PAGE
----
In 1845 Briton Sir John Franklin launched a large Northwest Passage expedition aboard the ships Erebus and Terror. When there had been no notice of the 129 men on the voyage after several years, a search began. Not just one search was conducted. At least forty rescue and recovery missions sought evidence of the Franklin expedition’s whereabouts and baffling end within the first fifteen years of their disappearance alone. Investigations continued for decades afterward, helping to propel a new age of Arctic and Northwest Passage exploration. Only in 2014 and 2016—167 years after the first searches—were the Erebus and Terror finally located on the Arctic seafloor.
Relics and other traces of the missing men had been found in the early years of the Franklin searches in the form of Inuit testimony (not always fully credited by Anglo-British prejudices) and in assorted expedition artifacts. In one abandoned ship’s boat, for example, a search party found twine, sailmakers’ palms, needle and thread cases, a copy of the novel The Vicar of Wakefield, several bayonet-scabbards cut down into knife-sheaths, eleven large spoons, eleven forks, and four teaspoons, many of these last bearing Franklin’s crest.
These bits of twine and teaspoons tell a story. They are texts to be read, items that have something to communicate, just as much as the official narratives of the voyages of the search expeditions provide histories. I teach and research nineteenth-century literature and culture, oceanic studies, and the environmental humanities. On the Northwest Passage Project, I will be discussing with students how voyagers to the Arctic attempt to write about—and, crucially, on—the ice, both historically and today. While present in the polar regions, historical expedition members produced an enormous volume of writing—and, eventually, photography, videography, and many other forms of data and media production—in order to document what they saw, felt, heard, missed, experienced, counted, observed, or lost. We will be doing the same as members of the Northwest Passage Project expedition team in 2017.
What forms of technology might connect the present with the future, or the past with the present? I close this post with a hauntingly evocative dream about Arctic communication and the lost Sir John Franklin recorded in the journal of another doomed nineteenth-century explorer, George DeLong (USS Jeannette North Pole expedition, 1879-1881):
The doctor relates a curious dream he had last night. He seemed to be […] explaining to Sir John Franklin there present some of our articles of outfit, such as Edison’s electric machine, the anemometer, and the telephone. Franklin, after listening to the explanations and viewing the articles, tersely remarked, “Your electric machine is not worth a damn, and your anemometer is just the same.” The telephone he seemed to consider a good thing.[i]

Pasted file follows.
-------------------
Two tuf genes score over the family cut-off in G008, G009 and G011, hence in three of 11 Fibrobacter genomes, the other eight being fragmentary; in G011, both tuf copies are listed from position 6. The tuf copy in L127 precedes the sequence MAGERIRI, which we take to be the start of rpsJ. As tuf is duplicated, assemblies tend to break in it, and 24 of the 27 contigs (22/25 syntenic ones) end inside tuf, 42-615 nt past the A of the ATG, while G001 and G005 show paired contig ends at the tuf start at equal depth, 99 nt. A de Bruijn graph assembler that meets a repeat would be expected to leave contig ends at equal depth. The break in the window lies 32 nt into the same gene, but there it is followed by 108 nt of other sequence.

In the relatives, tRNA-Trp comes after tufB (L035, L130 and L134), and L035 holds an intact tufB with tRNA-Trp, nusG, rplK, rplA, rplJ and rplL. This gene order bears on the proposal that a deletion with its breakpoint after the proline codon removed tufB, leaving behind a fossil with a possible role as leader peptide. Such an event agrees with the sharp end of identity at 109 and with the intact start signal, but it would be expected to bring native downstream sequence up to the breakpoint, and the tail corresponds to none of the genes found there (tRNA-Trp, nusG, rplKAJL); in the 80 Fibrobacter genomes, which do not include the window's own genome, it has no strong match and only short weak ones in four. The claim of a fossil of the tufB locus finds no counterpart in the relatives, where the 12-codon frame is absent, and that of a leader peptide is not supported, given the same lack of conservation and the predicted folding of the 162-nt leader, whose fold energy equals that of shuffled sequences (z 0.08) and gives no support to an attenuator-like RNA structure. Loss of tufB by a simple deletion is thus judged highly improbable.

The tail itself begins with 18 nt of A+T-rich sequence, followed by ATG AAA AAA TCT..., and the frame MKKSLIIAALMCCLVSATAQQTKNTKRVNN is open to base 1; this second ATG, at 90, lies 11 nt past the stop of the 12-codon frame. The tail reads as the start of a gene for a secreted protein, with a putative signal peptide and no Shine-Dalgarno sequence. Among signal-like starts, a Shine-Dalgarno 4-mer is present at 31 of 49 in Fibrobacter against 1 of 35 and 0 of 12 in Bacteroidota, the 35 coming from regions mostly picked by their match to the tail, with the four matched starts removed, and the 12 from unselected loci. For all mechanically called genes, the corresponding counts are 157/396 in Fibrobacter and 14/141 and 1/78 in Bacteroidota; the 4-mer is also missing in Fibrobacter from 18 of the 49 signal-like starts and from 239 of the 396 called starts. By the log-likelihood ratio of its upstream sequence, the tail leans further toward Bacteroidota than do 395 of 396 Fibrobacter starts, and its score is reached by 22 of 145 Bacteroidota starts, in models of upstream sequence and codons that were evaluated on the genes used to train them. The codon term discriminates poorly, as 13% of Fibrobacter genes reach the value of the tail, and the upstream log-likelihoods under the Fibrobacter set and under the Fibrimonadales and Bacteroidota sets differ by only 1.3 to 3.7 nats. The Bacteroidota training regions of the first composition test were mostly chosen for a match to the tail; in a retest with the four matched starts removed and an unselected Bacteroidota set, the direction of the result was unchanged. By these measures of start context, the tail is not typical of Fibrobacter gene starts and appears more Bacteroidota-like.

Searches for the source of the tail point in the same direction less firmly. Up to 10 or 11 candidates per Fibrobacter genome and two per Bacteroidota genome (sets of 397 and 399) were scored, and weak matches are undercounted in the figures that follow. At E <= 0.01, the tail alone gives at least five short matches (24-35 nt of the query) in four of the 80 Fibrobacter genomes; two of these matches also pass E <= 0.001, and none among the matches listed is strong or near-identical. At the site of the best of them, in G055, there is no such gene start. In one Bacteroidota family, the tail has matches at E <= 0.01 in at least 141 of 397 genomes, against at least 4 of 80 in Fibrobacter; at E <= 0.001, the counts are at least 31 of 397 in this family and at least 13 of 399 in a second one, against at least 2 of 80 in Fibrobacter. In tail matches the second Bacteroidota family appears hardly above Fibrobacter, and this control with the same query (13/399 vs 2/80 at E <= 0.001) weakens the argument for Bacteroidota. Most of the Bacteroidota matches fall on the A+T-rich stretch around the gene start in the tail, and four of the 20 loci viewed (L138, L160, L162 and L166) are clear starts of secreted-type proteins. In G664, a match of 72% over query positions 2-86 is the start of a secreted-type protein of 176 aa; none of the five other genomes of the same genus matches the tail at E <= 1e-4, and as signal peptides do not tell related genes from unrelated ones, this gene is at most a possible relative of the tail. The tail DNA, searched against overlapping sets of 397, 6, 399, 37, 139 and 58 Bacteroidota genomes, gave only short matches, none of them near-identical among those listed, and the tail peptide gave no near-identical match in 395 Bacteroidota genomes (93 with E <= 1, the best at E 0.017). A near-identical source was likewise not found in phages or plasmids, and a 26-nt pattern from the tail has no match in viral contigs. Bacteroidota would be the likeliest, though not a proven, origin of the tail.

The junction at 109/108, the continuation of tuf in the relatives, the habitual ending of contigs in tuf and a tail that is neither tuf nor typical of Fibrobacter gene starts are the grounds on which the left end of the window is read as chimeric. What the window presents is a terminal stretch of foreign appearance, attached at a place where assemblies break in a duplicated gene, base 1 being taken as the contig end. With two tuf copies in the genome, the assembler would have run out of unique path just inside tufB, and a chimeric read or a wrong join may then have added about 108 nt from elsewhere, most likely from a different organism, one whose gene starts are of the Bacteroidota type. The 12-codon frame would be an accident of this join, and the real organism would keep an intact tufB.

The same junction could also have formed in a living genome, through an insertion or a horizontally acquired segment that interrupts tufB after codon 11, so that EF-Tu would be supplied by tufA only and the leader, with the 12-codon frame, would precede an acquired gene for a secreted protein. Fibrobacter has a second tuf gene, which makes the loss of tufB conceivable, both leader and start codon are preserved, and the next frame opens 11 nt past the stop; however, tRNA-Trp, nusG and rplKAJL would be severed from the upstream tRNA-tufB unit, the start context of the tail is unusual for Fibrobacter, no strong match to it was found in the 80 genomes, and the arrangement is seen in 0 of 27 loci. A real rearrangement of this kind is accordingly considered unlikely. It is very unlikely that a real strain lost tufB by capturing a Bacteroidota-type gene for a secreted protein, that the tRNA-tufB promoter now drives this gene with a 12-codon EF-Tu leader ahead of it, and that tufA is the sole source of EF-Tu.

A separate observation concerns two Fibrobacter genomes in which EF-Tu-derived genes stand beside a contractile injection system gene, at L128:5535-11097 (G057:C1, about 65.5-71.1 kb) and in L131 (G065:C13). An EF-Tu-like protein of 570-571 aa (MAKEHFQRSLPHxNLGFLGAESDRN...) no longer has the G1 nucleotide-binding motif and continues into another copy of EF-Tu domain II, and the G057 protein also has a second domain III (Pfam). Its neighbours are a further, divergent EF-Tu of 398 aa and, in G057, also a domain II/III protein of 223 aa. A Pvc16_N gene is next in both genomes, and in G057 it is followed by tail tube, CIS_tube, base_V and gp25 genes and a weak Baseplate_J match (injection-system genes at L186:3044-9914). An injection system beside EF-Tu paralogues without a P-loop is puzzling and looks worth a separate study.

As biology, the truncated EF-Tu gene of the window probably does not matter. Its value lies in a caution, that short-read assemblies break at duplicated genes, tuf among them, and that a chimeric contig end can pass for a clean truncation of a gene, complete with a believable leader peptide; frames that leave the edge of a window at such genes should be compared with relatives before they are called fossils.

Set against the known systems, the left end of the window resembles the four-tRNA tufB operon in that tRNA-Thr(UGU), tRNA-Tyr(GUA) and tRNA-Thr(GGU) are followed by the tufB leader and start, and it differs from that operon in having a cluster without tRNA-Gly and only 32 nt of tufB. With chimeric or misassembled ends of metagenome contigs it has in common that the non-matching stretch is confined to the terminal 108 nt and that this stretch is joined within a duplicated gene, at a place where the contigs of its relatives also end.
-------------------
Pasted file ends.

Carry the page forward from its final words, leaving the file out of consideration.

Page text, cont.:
The dream-Franklin rejects both the anemometer (a wind gauge) and the electric lights that a young Thomas Edison had offered to the expedition. It is instead the telephone, a communication device reaching across time and space, that attracts dream-Franklin. Prophetically experienced and recorded before DeLong or the ship’s doctor could imagine their own eventual deaths on the ice, the dream sifts through possible technologies of Arctic media for illuminating and communicating in the Far North. The doctor’s dream keeps alive the possibility that a circuit of communication with the past will remain open. This passage reminds us that on the Northwest Passage Project expedition in 2017, we will maintain communication with the present and the future, with an eye and ear to the past, as well.
Hester Blum is Associate Professor of English at Penn State University and the author of The View from the Masthead: Maritime Imagination and Antebellum American Sea Narratives (2008), which received the John Gardner Maritime Research award. Her edited volumes include Horrors of Slavery (2008), an 1808 Barbary piracy narrative; Turns of Event: American Literary Studies in Motion (2016); and a special issue of Atlantic Studies. Blum is completing a book entitled The News at the Ends of the Earth: The Ecomedia of Polar Exploration.
[i] The Voyage of the Jeannette: The Ship and Ice Journals of George W. De Long, Lieutenant- Commander U. S. N. an Commander of the Polar Expedition of 1879-1881, Ed. Emma De Long (Boston: Houghton, Mifflin and Company, 1883), 162-163.